mutteringhousewife

What does the last of the housewives do?

Culture Shock

I feel like a giant bug eyed pale frizzy headed alien. Possibly because I am.

Our little clan has ventured to Japan to get in a bit of “proper” skiing and to spend a week in Kyoto sharing a house with my sister and her little clan who also thought it would be fun to visit Japan this New Year. We arrived last night at Narita Airport, kind of feeling like we were only halfway done. International flights are usually longer than that. We managed to find the shuttle bus to get us to our hotel and collapsed into our three seperate rooms (you can only get doubles) for the night.

Today we thought we’d look around Narita and get our cultural legs going before heading to the snow tomorrow. There are two things, no, three things that stand out. There is much more politeness and neatness than at home. There is a drink vending machine every twenty metres. The last one might be related to this, there are many public toilets which are clean and very public – I could see into the urinals without even trying, and have heated toilet seats oh yeah.

We decided to wend our way to the Temple at Narita. Husband managed to sort the train ticketing system, and while waiting for the train we sampled the first vending machine. Muffet and the Horror stuck with what they knew, green tea. The Moose got a honey and lemon drink, which he said was the nicest drink he’d ever had. Husband got a can of coffee. It was at this vending machine that we discovered you can get hot and cold beverages. The honey and lemon, the coffee and one of the green teas was hot. There is actually a red line under the hot ones and a blue one under the cold ones, so now we know. The Moose is psyching himself up to try the can featuring brightly coloured, enticing corn.

  
We popped into a few souvenir shops along the way, the Muffet starting to bravely use her two years of expensive Japanese instruction to universal delight. The Moose did a year of Japanese too, but can only remember all of the rude stuff he looked up to annoy his two half Japanese friends with, so he’s of no use whatsoever. The souvenirs here, by the way, are lovely and I will definitely getting some form of dragon before long. Had to get the obligatory “aren’t translations funny” shot too, like I could translate anything into any other language.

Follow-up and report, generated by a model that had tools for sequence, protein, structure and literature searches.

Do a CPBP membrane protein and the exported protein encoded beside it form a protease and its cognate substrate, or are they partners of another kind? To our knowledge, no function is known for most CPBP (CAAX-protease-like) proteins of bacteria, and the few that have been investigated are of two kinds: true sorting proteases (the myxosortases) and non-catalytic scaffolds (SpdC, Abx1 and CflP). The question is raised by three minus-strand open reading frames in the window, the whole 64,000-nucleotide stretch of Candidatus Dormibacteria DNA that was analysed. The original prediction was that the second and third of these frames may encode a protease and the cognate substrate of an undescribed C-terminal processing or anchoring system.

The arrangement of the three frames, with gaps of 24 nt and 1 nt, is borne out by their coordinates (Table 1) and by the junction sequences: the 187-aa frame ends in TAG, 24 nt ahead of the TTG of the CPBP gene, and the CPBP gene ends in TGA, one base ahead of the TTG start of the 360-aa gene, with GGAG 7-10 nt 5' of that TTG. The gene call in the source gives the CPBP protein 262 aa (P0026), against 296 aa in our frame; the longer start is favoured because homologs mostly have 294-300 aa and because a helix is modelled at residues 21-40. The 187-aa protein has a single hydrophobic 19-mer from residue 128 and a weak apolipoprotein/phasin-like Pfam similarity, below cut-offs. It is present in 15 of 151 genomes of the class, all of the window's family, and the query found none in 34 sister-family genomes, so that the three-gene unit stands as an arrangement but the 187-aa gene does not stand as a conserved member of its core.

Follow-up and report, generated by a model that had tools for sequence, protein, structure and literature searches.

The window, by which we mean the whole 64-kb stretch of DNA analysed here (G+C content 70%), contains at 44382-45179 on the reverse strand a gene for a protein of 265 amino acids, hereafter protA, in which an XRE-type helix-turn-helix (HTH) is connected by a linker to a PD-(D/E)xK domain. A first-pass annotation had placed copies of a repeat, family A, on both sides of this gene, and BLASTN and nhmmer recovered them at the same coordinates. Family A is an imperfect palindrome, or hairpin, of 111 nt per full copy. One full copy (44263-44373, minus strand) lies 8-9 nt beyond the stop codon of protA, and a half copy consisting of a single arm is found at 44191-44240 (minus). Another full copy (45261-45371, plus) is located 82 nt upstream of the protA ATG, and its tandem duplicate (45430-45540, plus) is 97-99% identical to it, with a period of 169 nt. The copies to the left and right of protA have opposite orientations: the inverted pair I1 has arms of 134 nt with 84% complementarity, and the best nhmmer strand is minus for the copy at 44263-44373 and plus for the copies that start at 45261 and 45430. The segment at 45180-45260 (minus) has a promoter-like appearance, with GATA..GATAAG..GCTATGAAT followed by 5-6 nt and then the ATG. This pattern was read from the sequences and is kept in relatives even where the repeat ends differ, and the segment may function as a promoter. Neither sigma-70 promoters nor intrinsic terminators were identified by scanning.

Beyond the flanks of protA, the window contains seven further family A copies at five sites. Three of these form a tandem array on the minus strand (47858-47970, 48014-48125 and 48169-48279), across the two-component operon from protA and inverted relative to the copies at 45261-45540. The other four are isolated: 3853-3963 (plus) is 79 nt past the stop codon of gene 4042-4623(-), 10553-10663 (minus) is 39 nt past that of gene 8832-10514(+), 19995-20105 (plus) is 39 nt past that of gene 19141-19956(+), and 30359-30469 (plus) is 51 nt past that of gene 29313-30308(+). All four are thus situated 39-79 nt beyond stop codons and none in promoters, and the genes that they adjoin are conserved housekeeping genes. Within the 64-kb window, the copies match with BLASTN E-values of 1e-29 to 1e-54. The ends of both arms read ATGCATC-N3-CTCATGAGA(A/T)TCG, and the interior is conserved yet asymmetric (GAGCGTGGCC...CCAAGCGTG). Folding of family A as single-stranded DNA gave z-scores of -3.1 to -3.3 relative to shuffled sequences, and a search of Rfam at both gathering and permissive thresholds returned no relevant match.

At the temple complex we heard bells ringing and some locals heading up to one of the temple buildings. Following along, we rinsed our hands in the incense laden smoke dispenser at the foot of the steps, placed our shoes in a plastic bag and snuggled down on the carpet inside the temple for the ceremony. All religions have a lot in common with this kind of thing, don’t they? Men in fancy dress, lots of different noises, ritualistic movements, a focal spot in the building to look at. Anyway, an old chap in a beautiful embroidered outfit was escorted in by some of the younger monks and sat at what looked like an ornate writing table facing the Buddha. The younger monks all sat down behind him and took turns doing various ritualistic things, ringing bells, carrying a box around, one guy did a bit of a performance on a Taiko drum at the back, delighting the Moose. There was an even bigger drum, about the size of a small car, but I guess that was for special occasions, not Tuesday mornings. All the while there was a lot of chanting going on. Then the chap at the desk extracted a coal from the brazier beside him and lit a fire that he quickly had flaming up higher than his head. Monks took turns bringing what looked like cricket bats with scripts on them to be waved over the flames, then pressed to their foreheads. Then members of the audience lined up to – have their handbags similarly blessed. They were done in bulk lots, and no foreheads were involved. Was a bit tempted. Maybe next time. Then there was a bit of chat by one of the monks in purple, then three monks at the three sides of the altar not facing Buddha picked up what looked like giant mops (probably Mops of Righteousness) and waved them about for a bit. Then the old chap put out his fire and was helped up to come and bow to the audience, then pottered out, followed by the rest. It was all rather lovely.